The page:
LAST week, the Aquino Administration received what it considered a piece of bad news when Fitch Ratings, one of the big three credit ratings agencies, announced that it was keeping its BBB- sovereign rating for the Philippines but raising its outlook on the country from “stable” to “positive.”
A BBB-, which the global rating agency has maintained for the Philippines since March 2013, is the lowest investment-grade rating in Fitch’s scale; a “positive” outlook indicates the likelihood that, provided the country’s current credit profile does not change significantly, the rating will be raised in the next 12 to 18 months.
Despite the boost in the country’s outlook – every other consequential credit agency still views the Philippines as “stable,” which means they do not expect their ratings to change in the next 12 months or so – the government was thoroughly disappointed that Fitch did not raise its rating, and detailed the Investor Relations Office of the BSP to sally forth to complain about it to the media.
In two key indicators of creditworthiness, general government debt as a percentage of GDP and credit default swap spreads on government bonds, the IRO said, the Philippines performs better than similar countries with higher ratings. Philippines’ CDS spreads are better than those of Colombia, Thailand and Mexico, for example, even though Fitch rates Colombia one notch higher at BBB, and Thailand and Mexico two notches higher at BBB+.
The IRO also pointed out that the Philippines has a lower debt burden than Colombia, Mexico, Panama, Spain and Italy, which are all rated higher; Panama is assigned a BBB rating by Fitch, the same as Colombia, while debt-ridden Spain and Italy, with debt-to-GDP ratios of 99.1 percent and 133.3 percent, respectively, are at BBB+.
Finance Secretary Cesar Purisima chimed in as well, saying, “President Aquino’s commitment to good governance is yet again affirmed,” presumably referring to the indicators cited by the IRO. “Nonetheless, we believe that we are still underrated by at least a notch [by Fitch].”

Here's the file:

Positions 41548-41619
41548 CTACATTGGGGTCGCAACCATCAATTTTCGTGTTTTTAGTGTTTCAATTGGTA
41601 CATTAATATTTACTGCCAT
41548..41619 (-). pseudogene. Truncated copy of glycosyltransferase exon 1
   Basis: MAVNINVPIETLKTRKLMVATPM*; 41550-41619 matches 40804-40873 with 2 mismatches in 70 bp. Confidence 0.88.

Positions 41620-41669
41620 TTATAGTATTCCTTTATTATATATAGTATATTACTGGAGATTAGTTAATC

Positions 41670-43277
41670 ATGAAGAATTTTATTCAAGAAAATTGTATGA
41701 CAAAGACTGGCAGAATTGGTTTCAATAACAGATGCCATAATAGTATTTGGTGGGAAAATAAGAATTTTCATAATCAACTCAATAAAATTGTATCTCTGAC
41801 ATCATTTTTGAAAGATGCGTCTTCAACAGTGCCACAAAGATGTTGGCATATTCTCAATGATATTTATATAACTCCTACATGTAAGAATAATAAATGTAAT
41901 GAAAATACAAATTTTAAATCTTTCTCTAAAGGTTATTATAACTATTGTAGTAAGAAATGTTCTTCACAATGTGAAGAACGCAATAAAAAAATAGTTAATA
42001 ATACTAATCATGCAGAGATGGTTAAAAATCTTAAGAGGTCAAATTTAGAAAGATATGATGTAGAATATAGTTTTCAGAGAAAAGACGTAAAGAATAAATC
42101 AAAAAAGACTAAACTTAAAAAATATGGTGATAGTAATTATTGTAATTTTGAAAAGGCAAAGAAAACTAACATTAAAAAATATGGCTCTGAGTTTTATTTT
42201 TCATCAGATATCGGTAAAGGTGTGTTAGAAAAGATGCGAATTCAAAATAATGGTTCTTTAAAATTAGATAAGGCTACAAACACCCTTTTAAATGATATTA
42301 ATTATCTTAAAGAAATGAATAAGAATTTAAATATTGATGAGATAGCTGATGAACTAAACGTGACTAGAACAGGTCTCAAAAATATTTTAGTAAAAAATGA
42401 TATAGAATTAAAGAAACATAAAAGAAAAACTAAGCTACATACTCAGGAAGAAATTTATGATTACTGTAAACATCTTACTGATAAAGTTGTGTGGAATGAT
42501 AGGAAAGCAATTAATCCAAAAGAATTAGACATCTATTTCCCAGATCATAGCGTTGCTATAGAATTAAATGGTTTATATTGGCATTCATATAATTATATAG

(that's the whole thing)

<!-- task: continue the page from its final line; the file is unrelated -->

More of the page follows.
IRO Executive Director Editha Martin added, “A wide range of administrative and legislative measures implemented over the past six years will help institutionalize sound governance and economic policies over the long term,” implying, with the same conviction of a Christian missionary trying to convince an audience of Hindus that there is only one God, that Aquino’s good work is something that is otherwise universally recognized.
The comments from the government, however, conveniently only address one of the two simple considerations underlying the whole concept of credit ratings: How reliable is the country as a debtor, and how much debt can it afford? The ‘sound fundamentals’ highlighted by Purisima and the IRO are indicators of the country’s stability as a debtor, and indeed, that is an entirely positive factor; Philippine finances are suitably organized to allow it to meet its debt obligations, and they are managed well.
But how much debt the country can afford is another matter entirely, and where the Philippines significantly lags its better-rated peers. Since the IRO used indicators to make its point, I’ll share two different ones, using data from the World Bank and the UN Conference on Trade and Development (UNCTAD).
The Philippines’ GDP per capita, which is about the best indicator of national productivity or earning power, was just $1,649 at the end of 2014; in Thailand, it was $3,451; Colombia, $4,549; Panama, $8,087; Mexico, $8,626; Spain, $25,618; and in Italy, $28,484.
FDI is also a good indicator of the country’s earning power, and in this respect, the Philippines, which drew in $6.2 billion in foreign direct investments in 2014, is a little ahead of tiny Panama at $4.7 billion – which has precisely one thing going for it, the canal – but trails Italy’s $11.5 billion, Thailand’s $12.6 billion, Colombia $16.1 billion, and the approximately $22.8 billion each gathered by Mexico and Spain.
In gross terms, what the Philippines’ credit rating is saying is, yes, the country is very likely to pay back a loan in good order, but has limited income or equity and, therefore, is limited in how large a debt it can take on – good enough to make Philippine investment grade, but only just. If anything, Fitch’s positively adjusted outlook should be considered the stamp of approval the government was looking for, if they really believe their own press about setting the country up for long-term fiscal stability.
Fitch, which has always seemed a little kinder to the Philippines in its ratings reviews and other assessments than the other credit agencies, is the only one who sees things improving in the near future. That is a fairly strong vote of confidence, because it assumes the improvement will be on the income side, given that the fiscal management environment is already deemed sound.
Of course, the government was obviously hoping for something a little less sublime, but the Fitch rating is probably reasonably accurate; according to the Trading Economics (TE) model (which is entirely quantitative, unlike ‘real’ ratings, which rely on a significant amount of judgment), the Fitch rating and outlook is rather optimistic. TE gives the Philippines a score of 54 out of 100 —on the borderline between junk and investment grade.